Trudeau’s Latest Problems Repeat a Familiar Theme

A debate about whether Justin Trudeau is or was racist is not in itself useful. What is more pertinent is how the recent disclosures, and his reaction to them, further populate a trajectory of skirting the rules and exercising poor judgement.

The job of Prime Minister requires a high functioning, mature adult. In that context consider the following, provided in chronological order:

  1. There are at least three incidents—he says he is not sure how many—of Trudeau dressing up in brownface or blackface, a behavior that is widely acknowledged to be racist.

    The earliest ones should perhaps be given a pass as the indiscretions of youth, but he was 29 and a teacher at a private school in Vancouver at the time of the 2001 incident.

    He claims that “I always fought all my life against discrimination and intolerance. I should have known at that age not to do this.” Exactly.

    Hardly an attractive role model.
  2. He must have figured it out shortly thereafter. As part of the standard Liberal vetting of candidates in 2008, he would have been asked to disclose issues of this type. He did not.

    He says “I never talked about this. Quite frankly, I was embarrassed.” No doubt he was. Is that an acceptable explanation?
  3. In 2017, Ethics Commissioner Mary Dawson ruled that Trudeau broke Canada’s ethics law by accepting two extravagant, all-expenses-paid family trips to an island in the Bahamas.

    This came at a time when the Aga Khan was discussing funding for projects with Trudeau’s government. It may be that he violated section 121 of the Criminal Code, put in place to catch just this kind of situation.

    Trudeau claimed that he didn’t report the trips because gifts from close friends were exempted.

    The commissioner rejected this because she noted, the two were not close friends and had only spoken once in 30 years.

    Why did Trudeau need this to be explained to him?
  4. In February 2018, Trudeau made a trip to India, including in his entourage a Sikh extremist named Jaspal Atwal who was previously affiliated with a terrorist group. Atwal was found guilty of trying to kill an Indian minister in 1986.

    Here is how Trudeau’s trip was reported from Delhi by Brakha Dutt of the Washington Post:

    “Given the seriousness and the sensitivities at stake (Sikh separatism), it was infuriating to watch Trudeau sashaying out, doing the Bhangra dance, at the same Canadian reception this week that was at the heart of the storm. You could feel the collective groan of Indians: Please. Stop. Enough Already.

    I confess, from afar, I used to be a Trudeau fan-girl. But after this trip, I’ve changed my mind. Trudeau has come across as flighty and facetious. His orchestrated dance moves and multiple costume changes in heavily embroidered kurtas and sherwanis make him look more like an actor on a movie set or a guest at a wedding than a politician who is here to talk business. Suddenly, all that charisma and cuteness seem constructed, manufactured and, above all, not serious.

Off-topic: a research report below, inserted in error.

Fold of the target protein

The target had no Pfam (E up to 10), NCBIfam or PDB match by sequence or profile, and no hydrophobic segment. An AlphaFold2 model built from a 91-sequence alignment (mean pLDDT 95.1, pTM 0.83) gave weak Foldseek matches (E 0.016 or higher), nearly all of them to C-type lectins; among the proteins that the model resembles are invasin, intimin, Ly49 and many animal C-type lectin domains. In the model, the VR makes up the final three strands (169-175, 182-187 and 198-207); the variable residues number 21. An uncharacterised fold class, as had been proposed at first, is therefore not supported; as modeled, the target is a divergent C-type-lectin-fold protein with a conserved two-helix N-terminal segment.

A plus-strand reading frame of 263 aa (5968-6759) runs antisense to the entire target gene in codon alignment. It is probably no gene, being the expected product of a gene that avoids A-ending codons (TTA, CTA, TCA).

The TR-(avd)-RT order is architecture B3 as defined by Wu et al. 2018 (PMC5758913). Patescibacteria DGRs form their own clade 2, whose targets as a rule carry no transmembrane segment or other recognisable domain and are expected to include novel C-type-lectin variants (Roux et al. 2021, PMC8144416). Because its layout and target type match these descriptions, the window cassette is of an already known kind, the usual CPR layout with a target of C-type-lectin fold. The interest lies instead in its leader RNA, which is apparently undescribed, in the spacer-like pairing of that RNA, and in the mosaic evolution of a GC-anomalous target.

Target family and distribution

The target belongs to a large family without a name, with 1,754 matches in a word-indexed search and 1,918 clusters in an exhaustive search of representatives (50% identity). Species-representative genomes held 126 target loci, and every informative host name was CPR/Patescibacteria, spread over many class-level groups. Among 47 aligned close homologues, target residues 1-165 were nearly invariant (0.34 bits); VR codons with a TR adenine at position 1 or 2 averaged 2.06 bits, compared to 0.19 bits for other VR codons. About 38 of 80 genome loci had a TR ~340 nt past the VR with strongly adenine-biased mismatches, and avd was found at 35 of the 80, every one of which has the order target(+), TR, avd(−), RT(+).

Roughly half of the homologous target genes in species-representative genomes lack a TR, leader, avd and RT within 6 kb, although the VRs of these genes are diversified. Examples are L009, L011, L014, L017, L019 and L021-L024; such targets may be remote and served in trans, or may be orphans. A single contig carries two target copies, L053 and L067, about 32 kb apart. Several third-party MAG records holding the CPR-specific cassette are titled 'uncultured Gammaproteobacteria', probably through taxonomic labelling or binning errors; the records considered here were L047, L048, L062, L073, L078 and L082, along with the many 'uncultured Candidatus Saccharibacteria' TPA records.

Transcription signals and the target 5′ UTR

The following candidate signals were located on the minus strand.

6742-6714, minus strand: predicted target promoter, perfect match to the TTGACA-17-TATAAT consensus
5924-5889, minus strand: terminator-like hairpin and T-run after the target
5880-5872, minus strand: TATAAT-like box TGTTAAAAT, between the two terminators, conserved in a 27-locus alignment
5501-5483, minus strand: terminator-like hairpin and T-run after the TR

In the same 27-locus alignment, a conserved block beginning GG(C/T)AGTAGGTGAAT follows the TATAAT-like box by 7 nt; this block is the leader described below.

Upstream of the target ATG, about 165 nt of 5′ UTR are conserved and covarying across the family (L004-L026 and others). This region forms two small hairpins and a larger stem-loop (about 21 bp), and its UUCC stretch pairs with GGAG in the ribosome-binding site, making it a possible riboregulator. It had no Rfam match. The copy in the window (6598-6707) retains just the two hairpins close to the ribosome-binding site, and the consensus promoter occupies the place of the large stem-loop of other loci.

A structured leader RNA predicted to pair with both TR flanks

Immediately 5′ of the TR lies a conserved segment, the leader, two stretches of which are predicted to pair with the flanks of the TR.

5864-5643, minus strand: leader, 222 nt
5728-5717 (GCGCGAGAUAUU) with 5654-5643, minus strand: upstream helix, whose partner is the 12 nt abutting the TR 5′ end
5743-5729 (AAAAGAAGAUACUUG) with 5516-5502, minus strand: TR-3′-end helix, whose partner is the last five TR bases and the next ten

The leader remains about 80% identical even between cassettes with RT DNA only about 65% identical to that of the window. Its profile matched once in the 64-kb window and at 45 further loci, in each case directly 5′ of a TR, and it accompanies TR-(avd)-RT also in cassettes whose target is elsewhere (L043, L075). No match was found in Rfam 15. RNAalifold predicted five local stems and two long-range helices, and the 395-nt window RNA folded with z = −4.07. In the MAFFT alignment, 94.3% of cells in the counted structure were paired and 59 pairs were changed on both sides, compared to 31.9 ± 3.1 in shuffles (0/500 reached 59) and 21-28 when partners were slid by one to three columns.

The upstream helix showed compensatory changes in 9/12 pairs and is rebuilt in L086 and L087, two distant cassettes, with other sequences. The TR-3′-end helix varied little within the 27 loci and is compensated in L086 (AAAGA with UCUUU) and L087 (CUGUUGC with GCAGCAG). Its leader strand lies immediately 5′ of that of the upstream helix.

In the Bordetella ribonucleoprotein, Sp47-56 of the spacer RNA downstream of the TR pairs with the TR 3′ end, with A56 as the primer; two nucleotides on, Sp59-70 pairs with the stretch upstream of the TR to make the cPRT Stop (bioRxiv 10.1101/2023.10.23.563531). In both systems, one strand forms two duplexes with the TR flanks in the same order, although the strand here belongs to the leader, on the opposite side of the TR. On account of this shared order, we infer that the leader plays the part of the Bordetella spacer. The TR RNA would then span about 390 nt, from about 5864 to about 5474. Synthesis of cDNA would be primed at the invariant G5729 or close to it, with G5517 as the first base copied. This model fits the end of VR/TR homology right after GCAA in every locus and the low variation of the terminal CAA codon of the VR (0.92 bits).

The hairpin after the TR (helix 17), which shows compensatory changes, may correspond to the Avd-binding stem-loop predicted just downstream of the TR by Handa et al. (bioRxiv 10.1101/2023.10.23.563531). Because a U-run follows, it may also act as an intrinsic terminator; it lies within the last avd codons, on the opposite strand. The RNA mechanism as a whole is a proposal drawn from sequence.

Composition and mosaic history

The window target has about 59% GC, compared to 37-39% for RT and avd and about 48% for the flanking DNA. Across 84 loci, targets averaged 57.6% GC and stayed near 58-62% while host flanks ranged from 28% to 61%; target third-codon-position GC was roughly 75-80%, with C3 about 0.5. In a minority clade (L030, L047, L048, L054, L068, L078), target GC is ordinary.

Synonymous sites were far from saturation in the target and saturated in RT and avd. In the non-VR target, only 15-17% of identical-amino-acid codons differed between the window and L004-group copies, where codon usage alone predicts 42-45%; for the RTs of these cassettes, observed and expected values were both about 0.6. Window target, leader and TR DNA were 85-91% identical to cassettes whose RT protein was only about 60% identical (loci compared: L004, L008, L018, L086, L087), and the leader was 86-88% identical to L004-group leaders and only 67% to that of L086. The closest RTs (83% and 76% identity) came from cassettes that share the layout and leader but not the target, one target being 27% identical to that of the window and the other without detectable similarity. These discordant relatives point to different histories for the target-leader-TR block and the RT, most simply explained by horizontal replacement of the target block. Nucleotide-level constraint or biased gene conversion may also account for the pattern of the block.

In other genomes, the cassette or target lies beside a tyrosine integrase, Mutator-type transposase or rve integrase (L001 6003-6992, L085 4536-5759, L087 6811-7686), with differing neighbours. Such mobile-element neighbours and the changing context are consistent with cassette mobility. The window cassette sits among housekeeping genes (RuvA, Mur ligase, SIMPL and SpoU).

“He seems more much more convinced of his own rock-star status than we ever were,” said one official in the Indian government who preferred to remain anonymous.
  5. In 2019, Ethics Commissioner Mario Dion concluded that Trudeau violated the Conflict of Interest Act by trying to get then-Justice Minister Jody Wilson-Raybould to overrule a decision to not grant a deferred prosecution agreement to SNC-Lavalin.

    In his report, Dion wrote, “The evidence showed there were many ways in which Mr. Trudeau, either directly or through the actions of those under his direction, sought to influence the attorney general.”

    Dion found Trudeau contravened Section 9 of the Conflict of Interest Act through a series of “flagrant attempts to influence” Wilson‑Raybould to enable SNC-Lavalin to avoid criminal prosecution.

    Trudeau said he accepted responsibility for what had been done but that he disagreed “with some of the findings”, which really meant that he rejected the report’s central finding of his culpability.

    He treated the report as if it was a recommendation that required his approval rather than a finding that he violated the Act.

    During this process, he was less than truthful about whether he had pressured Wilson-Raybould, and his decision to demote her from her role as Attorney General and Justice Minister.

Sprinkled among these events were numerous ill-considered communications such as the unfortunate tweet that prompted a surge of asylum seekers to enter Canada at illegal border crossings.

In 2015 many voters were determined to defeat Stephen Harper. At first, they gravitated toward the NDP’s Tom Mulcair. Expectations of Trudeau in debates were low, and he exceeded them. And he was terrific with crowds, so he won the anti-Harper vote.

In 2019 the question for voters is not whether Trudeau is or was racist. It is to consider whether they believe Trudeau has the maturity, integrity, and intellectual heft to be Prime Minister.

Of course, the same question needs to be asked of Scheer.


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